Our "pursuits" are to attract quality manuscripts, process them, and package the "books," not only to entertain, but to provide advanced knowledge to clinicians so they can apply the principles, tactics, and techniques gained by the "pursuit of knowledge" to the primary customer-the patient.


What Is a Journal's Anatomy?

Simply put, anatomy involves the form and function of a system or an organism. The changes we have made to the anatomy of our journal were done to improve its presentation (form) and our ability to publish advanced content and quality peer-reviewed manuscripts (function).


What Is a Journal's Physiology?

Physiology looks at how a system or an organism works. The peer-review process can be thought of as part of the physiology of the journal. The process is circular and starts with the perceived quality of the journal. This quality serves as the magnet for manuscripts, which we receive in abundance because of the journal's reputation.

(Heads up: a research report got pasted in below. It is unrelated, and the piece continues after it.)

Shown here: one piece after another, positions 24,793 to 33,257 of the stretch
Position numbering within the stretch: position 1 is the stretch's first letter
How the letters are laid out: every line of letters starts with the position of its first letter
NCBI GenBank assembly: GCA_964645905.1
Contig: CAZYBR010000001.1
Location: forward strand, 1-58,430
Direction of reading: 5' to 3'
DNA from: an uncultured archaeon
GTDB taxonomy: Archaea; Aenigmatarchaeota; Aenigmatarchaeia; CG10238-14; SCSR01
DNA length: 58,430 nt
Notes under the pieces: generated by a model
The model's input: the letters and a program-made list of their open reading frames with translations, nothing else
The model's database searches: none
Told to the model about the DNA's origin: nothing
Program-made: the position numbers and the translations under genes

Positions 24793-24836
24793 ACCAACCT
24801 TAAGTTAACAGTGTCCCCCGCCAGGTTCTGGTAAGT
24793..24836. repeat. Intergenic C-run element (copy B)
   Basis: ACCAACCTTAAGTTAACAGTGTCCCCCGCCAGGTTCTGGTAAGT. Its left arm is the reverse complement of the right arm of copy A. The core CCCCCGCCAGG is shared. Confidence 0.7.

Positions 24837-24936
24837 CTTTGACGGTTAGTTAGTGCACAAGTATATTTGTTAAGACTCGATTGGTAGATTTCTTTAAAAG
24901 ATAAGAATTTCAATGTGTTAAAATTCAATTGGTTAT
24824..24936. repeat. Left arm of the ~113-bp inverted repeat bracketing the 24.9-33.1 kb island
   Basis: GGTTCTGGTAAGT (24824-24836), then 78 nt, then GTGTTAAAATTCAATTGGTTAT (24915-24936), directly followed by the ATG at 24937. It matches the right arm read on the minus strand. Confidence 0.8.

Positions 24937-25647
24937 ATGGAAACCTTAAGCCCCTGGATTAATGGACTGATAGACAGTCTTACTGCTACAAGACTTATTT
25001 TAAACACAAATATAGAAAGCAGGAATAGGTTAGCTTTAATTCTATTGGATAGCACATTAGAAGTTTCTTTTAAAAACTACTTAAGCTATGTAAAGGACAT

Once a manuscript is received, it is uploaded to an automated peer-review software program (Editorial Manager) and is assigned appropriate peer reviewers, who are charged with evaluating the applicability and scientific validity of the manuscript. The system employs dialogue using qualitative and quantitative methods to evaluate the manuscript. Ad hoc reviewers will occasionally be assigned, especially in areas requiring expertise outside that of the peer-review panel-health care economics, biostatistics, or ethics, for example.


At least 3 peer reviews are conducted on each manuscript. Nearly all manuscripts are returned to the authors for modifications per the reviewers' comments and suggestions for improving the article. Most manuscripts, in fact, go through several modifications, with some being reviewed a second or third time. Others are rejected outright if they are not appropriate for the readership. It is the collective opinion of the peer reviewers that determines the final outcome of a manuscript. The peer-review panel is the critical "physiologic" factor in the success of the journal.